Understanding NCCI’s Changes to the Workers’ Comp E-Mod Factor Methodology

Feb 8, 2024

The National Council on Compensation Insurance’s (NCCI) updated experience modification factor (e-mod) algorithm went into effect this past November. These changes — which insureds will begin to feel the impacts of in 2024 — are intended to more fairly and accurately determine workers’ compensation insurance pricing from state to state. In other words, the changes put more weight on smaller and more frequent claims. 

Here’s what you need to know about what an e-mod is, what’s changing with the new model, and how the changes will impact insureds. 

What Is an Experience Modification Rate?

The NCCI’s experience modification rate, or “e-mod,” is a numerical representation of a business’s historical workers’ compensation (WC) claims and losses compared to the average for its industry. Insurance providers use an e-mod rating as a predictor of a company’s future claims, and they adjust premium amounts accordingly. A higher e-mod rating results in a higher WC premium, while a lower e-mod rating can mean cost savings. 

In theory, this encourages businesses to prioritize safety measures and risk management to maintain a favorable e-mod. 

How an E-Mod Works

An e-mod is calculated based on a formula that considers a business’s actual losses compared to expected losses within their specific industry. The formula involves three key parts:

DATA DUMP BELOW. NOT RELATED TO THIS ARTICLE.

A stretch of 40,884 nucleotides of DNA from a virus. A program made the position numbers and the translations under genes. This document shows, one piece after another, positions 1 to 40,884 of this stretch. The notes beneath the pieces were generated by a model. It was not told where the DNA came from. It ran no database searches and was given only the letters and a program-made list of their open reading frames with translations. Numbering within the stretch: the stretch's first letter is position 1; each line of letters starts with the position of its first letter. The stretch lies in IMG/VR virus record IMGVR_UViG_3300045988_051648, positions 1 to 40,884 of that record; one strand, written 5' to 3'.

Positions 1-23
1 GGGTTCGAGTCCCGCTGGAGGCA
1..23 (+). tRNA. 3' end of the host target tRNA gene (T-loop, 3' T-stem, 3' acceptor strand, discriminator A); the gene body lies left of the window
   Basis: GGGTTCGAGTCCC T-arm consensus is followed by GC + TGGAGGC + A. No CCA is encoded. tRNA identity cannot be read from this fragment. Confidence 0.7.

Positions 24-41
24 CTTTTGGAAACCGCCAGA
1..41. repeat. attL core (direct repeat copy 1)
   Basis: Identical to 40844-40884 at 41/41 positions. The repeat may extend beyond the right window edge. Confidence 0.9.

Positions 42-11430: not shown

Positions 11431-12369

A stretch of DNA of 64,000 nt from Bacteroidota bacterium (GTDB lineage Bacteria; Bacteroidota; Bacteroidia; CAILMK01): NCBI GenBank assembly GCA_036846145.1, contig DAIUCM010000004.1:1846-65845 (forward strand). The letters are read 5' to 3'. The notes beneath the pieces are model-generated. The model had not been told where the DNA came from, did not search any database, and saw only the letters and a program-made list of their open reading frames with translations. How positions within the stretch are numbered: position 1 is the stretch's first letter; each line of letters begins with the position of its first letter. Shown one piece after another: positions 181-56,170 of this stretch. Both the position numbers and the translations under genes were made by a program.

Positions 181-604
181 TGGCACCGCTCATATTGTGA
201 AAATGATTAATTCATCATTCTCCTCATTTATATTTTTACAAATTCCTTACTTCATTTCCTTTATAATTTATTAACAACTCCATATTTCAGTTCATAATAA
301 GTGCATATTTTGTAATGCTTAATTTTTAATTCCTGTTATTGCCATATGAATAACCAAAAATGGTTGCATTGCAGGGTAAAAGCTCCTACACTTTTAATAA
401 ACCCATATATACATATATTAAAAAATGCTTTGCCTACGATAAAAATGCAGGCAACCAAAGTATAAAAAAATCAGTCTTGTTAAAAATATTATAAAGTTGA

1. Actual Primary Losses: The actual losses incurred by the business in workers’ compensation claims, adjusted for medical costs and lost wages.
  2. Expected Primary Losses: The expected losses for a business of similar size within the same industry.
  3. Expected Excess Losses: Additional losses beyond the primary losses, calculated based on a predetermined ratio.

The NCCI’s formula combines these three components to generate an e-mod rating, which is expressed as a multiplier:

  • A value of 1.0 indicates that a business has an average loss experience for its industry. 
  • A value greater than 1.0 suggests higher-than-average losses, resulting in increased premiums.
  • A value less than 1.0 indicates lower-than-average losses. 

The lower the value, the lower the premium.

How Is the E-Mod Model Changing in 2024?

The NCCI recently announced updates to their existing e-mod model, and those updates officially went into effect on November 1, 2023. There are a number of changes rolled up into this new calculation — including changes to split points, state accident limitation, G values, credibility parameters, and premium eligibility thresholds. (You can find a high-level overview of all these changes here.)

Of all these changes, there are two that insureds need to pay particular attention to: 

Important Change #1: States will receive their own, unique split points 

Split point is a critical part of the e-mod formula because it calculates a business’s risk and can impact its insurance premium amounts. The split point refers to the threshold at which a workers’ compensation claim is divided into primary and excess losses. Claims below the split point are considered primary losses and those above it are considered excess losses. The e-mod formula gives full weight to primary costs, while excess costs only receive partial weight.